The other key point for me however is that the voice on some of his recent tracks, in particular I thought, Reason or Rhyme and Send in the Clowns does not detract but actually enhances the performance.

Billie Holliday and Johnny Cash produced some or their most expressive and acclaimed work towards the end of their careers where their voices were not in their prime, so I have no issues looking forward to whatever Bryan decides to do next, despite the lack of power in the voice.


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 Post subject: Re: A fruity baritone
PostPosted: Thu Jun 23, 2016 8:11 am 
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Joined: Wed Feb 09, 2011 9:12 am
Posts: 168
Boy oh boy there's some blinkered pomposity on this thread, hysterical read, so here's my two penn' 'orth:

To my untrained (albeit a saxophonists) ear, it all changed with the release of 'Taxi' in 1993 after a six year break from 'Bete Noir'

The voice is noticeably weaker and breathier, has been recorded very close to the vocal mic and is much higher in the mix (though not as high as Frantic!)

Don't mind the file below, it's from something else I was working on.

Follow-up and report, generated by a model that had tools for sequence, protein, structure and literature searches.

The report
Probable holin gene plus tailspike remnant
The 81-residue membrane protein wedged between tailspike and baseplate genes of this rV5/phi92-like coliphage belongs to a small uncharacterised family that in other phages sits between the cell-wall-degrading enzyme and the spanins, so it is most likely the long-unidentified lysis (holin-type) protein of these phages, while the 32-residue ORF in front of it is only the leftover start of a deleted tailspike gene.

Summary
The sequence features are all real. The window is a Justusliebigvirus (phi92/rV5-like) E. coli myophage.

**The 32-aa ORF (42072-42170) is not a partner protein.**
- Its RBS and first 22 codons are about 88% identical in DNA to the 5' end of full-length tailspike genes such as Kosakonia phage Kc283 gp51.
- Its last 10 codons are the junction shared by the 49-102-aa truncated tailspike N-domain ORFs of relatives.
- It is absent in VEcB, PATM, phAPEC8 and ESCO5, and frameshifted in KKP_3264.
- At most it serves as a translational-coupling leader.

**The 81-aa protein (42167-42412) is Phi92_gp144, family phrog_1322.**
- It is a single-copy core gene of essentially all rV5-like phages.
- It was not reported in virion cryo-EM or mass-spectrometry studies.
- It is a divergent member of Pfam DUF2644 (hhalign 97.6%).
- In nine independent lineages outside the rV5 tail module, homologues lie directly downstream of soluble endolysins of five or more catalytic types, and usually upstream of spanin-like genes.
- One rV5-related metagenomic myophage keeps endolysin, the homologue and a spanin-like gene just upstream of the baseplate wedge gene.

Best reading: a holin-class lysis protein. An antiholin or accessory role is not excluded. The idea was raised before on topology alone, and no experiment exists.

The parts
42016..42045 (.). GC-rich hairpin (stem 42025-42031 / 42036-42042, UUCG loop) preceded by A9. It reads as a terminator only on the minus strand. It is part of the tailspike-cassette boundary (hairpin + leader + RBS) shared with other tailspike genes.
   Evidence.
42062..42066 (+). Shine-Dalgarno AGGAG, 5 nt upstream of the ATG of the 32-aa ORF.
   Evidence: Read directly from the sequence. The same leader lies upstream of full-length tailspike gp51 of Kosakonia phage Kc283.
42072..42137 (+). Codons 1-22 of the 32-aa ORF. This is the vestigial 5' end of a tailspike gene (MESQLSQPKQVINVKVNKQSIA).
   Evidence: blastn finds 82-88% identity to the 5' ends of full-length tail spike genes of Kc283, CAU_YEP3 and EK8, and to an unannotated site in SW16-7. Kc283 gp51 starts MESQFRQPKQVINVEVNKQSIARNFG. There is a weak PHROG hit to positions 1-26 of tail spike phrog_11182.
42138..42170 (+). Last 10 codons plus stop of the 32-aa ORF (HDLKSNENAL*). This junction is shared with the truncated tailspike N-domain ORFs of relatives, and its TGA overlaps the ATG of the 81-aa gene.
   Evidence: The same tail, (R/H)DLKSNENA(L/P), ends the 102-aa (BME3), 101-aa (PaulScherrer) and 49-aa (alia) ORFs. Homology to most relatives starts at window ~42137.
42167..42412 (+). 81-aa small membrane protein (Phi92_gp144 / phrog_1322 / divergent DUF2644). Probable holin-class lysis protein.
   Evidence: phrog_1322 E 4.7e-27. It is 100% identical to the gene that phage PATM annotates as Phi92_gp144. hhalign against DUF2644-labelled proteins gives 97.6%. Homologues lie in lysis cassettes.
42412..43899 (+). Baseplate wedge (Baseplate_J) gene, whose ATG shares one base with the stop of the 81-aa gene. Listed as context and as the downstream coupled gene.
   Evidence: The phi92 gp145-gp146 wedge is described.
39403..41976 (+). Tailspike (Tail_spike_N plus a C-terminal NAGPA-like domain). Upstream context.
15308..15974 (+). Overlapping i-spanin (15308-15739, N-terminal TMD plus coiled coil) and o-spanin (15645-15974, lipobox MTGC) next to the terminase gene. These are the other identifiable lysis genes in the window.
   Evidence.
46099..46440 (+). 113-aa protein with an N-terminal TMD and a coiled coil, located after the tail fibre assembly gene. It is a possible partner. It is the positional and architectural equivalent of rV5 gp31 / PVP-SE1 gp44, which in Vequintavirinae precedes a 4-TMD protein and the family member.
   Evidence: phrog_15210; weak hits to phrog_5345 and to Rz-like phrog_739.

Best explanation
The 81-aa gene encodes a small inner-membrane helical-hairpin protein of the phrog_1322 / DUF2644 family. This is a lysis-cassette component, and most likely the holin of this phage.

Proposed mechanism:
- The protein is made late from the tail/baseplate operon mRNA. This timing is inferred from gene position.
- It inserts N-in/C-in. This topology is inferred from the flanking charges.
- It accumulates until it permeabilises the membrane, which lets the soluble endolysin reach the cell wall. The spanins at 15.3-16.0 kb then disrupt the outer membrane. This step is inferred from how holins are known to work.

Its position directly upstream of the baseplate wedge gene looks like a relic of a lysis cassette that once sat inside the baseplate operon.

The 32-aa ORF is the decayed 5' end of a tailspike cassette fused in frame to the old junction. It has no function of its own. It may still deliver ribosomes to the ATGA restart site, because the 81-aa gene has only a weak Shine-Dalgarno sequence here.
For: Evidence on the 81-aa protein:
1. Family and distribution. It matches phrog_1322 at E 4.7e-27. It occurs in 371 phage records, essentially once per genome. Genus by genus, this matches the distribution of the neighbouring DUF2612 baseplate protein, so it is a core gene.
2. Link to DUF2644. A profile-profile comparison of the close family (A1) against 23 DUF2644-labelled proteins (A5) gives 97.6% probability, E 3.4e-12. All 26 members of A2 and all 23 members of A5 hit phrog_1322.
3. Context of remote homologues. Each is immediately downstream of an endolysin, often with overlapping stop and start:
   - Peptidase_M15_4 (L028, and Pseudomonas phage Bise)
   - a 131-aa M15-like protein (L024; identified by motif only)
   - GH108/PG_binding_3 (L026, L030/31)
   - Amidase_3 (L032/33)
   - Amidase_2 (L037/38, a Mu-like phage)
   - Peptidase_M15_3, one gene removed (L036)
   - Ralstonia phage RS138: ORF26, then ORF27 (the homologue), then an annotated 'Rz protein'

Why? Who really knows, Ferry's always been a scarf wearing/"got a bad throat" kinda guy hasn't he?

For me, if I want to hear what I consider 'true Ferry', I never go beyond 'The Bride Stripped Bare' anyway, and often not even that far, as I still think 'In Your Mind' was his last great, original offering.

Lastly, all the fags, booze and "party time wasting" may well have been "too much fun", but probably hasn't helped matters either!


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 Post subject: Re: A fruity baritone
PostPosted: Thu Jun 23, 2016 4:03 pm 
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Joined: Thu Jun 18, 2009 9:58 pm
Posts: 809
Party time wasting indeed... But if that was the sole criteria as to the strength/longevity of 60s/70s pop/rock vocalists then how to explain Bowie's ability to hold it together even on his deathbed? Or how can Mick J still be rocking out giant sports arenas (albeit not not quite to the level of his early years...)?

There's always a good dose of serendipity involved, but the more cigarettes smoked over the years the the more stress placed on the vocal chords...